What information should a rheumatologist give if their patient wants to try using medical marijuana to treat their rheumatic disease?
• Cannabinoid absorption is dependent on the route of administration. Inhaled/vaporized (10%–35% absorption) has rapid onset of effects (minutes) compared with oral (6% absorption, 2–6 hours to peak concentration). Transmucosal preparations have better absorption (15%) than oral ingestion. Most of an orally or transmucosally ingested cannabinoid is metabolized to an inactive form by its first-pass through the liver. This is why oral formulations are not very effective in rheumatic diseases.
• In spite of better absorption and rapid onset, smoking marijuana (cannabis) daily cannot be recommended due to multiple harmful compounds in marijuana smoke that can cause health issues including bronchitis, cardiovascular, and mental health issues. THC can have psychoactive effects, which impairs alertness and reaction time. Patients who smoke marijuana should not drive for up to 24 hours after consuming herbal cannabis.
• Medical cannabis should not be used in children, adolescents, pregnant women, or patients with previous abuse of psychoactive or pain medications.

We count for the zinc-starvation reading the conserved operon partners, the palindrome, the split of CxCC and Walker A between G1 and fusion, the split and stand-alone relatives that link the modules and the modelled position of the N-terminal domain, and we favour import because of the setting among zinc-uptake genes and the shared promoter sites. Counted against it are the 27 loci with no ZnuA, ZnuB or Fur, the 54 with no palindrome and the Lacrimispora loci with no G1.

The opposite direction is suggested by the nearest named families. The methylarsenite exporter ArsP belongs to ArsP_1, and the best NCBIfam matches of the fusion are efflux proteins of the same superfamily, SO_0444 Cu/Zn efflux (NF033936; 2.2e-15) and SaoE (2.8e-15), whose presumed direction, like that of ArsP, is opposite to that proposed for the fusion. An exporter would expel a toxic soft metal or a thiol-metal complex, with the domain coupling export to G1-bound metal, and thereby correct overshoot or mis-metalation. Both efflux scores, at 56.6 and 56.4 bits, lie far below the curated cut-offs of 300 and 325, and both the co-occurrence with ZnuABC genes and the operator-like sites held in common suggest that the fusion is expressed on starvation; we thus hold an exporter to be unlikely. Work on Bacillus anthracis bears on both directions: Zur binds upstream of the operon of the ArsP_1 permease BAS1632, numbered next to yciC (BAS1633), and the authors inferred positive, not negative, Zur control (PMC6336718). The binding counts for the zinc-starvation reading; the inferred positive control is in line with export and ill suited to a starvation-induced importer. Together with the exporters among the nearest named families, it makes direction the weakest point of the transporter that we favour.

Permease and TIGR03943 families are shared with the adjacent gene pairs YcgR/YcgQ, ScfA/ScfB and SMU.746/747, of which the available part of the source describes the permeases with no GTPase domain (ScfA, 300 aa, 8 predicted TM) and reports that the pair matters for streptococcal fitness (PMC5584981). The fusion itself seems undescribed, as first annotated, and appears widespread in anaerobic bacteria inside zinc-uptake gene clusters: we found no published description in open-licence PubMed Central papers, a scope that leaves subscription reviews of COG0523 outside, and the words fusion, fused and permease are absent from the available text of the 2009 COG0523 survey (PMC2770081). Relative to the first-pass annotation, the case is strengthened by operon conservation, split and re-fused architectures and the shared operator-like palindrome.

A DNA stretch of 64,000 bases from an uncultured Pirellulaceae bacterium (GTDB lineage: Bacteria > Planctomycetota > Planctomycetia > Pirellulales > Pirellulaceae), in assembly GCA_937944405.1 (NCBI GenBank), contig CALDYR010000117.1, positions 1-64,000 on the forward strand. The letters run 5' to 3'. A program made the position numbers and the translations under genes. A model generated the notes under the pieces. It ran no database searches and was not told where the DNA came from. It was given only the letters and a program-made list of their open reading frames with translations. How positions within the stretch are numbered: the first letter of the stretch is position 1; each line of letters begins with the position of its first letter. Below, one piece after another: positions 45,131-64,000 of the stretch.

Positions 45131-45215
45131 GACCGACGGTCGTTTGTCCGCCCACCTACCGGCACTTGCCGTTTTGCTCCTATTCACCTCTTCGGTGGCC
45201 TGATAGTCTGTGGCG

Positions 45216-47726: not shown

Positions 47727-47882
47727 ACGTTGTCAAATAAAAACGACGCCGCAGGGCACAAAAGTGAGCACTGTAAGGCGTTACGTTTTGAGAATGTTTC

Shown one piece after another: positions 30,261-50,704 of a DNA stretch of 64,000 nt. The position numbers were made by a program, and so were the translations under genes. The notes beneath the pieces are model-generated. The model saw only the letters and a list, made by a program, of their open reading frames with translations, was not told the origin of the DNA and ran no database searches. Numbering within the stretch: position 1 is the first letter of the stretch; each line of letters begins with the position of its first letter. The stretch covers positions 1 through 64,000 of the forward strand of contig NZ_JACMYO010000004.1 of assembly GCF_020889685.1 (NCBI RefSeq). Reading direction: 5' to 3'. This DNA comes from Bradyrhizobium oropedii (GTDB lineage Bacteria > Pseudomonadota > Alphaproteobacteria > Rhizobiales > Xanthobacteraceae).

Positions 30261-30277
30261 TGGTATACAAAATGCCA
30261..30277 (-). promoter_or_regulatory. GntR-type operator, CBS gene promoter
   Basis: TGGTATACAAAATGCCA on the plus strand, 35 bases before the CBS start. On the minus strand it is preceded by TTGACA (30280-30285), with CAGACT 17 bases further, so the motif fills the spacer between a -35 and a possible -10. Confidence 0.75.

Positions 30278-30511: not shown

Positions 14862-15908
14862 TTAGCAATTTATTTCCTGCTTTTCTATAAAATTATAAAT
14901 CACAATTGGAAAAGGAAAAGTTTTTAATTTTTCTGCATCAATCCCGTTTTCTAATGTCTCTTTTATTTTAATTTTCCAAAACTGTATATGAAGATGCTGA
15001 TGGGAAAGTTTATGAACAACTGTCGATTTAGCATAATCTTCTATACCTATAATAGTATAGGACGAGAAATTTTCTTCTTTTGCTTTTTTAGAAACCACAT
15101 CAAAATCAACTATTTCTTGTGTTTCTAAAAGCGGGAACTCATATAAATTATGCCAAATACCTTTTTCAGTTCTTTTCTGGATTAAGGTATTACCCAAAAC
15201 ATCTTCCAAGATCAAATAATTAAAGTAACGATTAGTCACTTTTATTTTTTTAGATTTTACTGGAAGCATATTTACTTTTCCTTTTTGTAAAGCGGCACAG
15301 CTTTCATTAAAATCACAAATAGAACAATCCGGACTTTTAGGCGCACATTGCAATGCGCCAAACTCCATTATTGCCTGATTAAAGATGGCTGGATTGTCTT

• If the patient insists on trying medical cannabis, recommending vaporized CBD oil or topical formulations may be safest. However, the caveat remains that there is little standardization or regulation assuring product formulations and degree of bioavailability.
• Recently, the Food and Drug Administration approved Epidiolex, which is a liquid formulation of CBD used for childhood epilepsy syndromes. It is a schedule V medication that costs $32,000/year.
• Pain-management options other than medical cannabis are available with better evidence for safety and effectiveness. Most physicians agree that medical cannabis/cannabinoids should only be considered after all other measures for pain control have been tried.